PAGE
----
NEW YORK (CBSNewYork) — Massive flooding brought on by Ida’s intense deluge swamped the mass transit systems in New York and New Jersey.

Metro-North says it will resume service on the Harlem and New Haven lines Friday on an enhanced weekend schedule.

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Subway service remained extremely limited Thursday night with delays and partial suspensions on more than a dozen lines.

Mayor Bill de Blasio announced alternate side parking rules will be suspended Friday and Saturday. They will resume Wednesday.

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NJ TRANSIT said all rail lines except Montclair-Boonton, Gladstone, Pascack Valley and Raritan Valley lines will operate on a regular weekday schedule Friday.

Delays should be expected on the Main/Bergen/Port Jervis lines due to single-tracking.

All Long Island Rail Road branches will run normal weekday service Friday.

Ida’s historic rainfall left a lot of commuters stranded Wednesday night throughout the Tri-State Area.

Some were stranded on trains, waiting for hours.

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“The power’s out. There’s no air conditioning, there’s no power or electricity. There’s no water, there’s no lights. There’s, I think, one functioning bathroom,” Colleen Hartnect told CBS2’s Cory James.

The list goes on for Hartnect and dozens of others on NJ Transit train 3881. They were stranded for nearly 10 hours after the severe storms flooded the tracks.

“Firefighters came on a little big ago, but they said they don’t think they’re getting us off until the water subsides,” she said. “Very frustrating. Everyone is calling out of work, since people can’t get to work in the morning.”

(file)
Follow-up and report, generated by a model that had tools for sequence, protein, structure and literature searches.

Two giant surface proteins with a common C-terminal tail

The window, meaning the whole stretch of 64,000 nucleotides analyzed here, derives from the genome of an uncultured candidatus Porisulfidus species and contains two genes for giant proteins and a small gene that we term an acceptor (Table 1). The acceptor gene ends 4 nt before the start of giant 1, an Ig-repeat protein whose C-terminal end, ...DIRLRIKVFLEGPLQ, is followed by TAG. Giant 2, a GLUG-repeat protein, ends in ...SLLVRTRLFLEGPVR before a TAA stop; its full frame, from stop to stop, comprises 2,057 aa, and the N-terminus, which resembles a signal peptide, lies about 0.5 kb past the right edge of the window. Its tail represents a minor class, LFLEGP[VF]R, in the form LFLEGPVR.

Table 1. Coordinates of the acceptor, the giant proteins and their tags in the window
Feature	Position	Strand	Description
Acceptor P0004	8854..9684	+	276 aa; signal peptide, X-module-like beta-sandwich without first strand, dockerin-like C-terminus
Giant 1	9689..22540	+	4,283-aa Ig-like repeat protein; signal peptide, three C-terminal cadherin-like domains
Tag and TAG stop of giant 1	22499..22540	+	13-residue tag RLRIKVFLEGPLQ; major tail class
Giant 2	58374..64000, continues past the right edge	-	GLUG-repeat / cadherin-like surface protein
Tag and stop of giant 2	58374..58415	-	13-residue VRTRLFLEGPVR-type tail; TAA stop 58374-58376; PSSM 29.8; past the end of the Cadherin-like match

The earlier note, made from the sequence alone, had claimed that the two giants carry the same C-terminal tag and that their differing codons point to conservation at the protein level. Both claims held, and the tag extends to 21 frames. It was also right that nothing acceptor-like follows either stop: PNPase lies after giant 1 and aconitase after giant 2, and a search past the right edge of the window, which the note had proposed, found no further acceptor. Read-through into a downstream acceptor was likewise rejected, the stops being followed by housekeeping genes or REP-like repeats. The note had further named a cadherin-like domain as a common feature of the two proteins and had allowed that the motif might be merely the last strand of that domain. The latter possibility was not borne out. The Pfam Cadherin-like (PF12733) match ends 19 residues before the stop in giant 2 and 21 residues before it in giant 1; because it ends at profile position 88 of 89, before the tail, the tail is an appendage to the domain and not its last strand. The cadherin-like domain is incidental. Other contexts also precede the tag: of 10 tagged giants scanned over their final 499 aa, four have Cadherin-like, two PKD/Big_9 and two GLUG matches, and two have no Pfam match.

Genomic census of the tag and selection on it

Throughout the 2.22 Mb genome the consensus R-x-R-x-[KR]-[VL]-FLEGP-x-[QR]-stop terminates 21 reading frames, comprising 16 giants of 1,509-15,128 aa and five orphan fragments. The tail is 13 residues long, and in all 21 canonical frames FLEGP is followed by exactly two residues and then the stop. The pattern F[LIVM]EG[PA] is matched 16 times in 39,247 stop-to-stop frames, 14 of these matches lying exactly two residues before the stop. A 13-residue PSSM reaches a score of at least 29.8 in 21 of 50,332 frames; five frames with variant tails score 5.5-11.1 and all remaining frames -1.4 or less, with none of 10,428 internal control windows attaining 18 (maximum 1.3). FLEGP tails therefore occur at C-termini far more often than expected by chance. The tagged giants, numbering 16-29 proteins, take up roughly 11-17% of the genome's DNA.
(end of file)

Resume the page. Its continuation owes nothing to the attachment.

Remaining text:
Watch Cory James’ report —

A CBS2 viewer on the same train sent a video of rescue crews wading through knee-deep water with flashlights. When she asked for an update, she said they told her, “Even though the rain has stopped, we are still 4 feet deep in water.”

It was a similar story on Metro-North, where Chase Smith took a train from New York City to New Haven, Connecticut at 9 p.m. Wednesday.

By 4 a.m. Thursday, he was still stranded with nearly 100 other passengers.

“We were told that we couldn’t go forward anymore, because of downed trees,” he told James.

Smith said the emergency exit to the train was opened at one point, but they were told firefighters could not rescue them because first responders do not know if the electricity is still on the track.

“I can’t remember flooding like this in the MTA in my memory, so it happens I guess,” he told James.

The Long Island Rail Road suspended train service because of the weather conditions, as well.

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Stick with CBS2, CBSN New York and CBSNewYork.com for more on the storm and its aftermath.

Cory James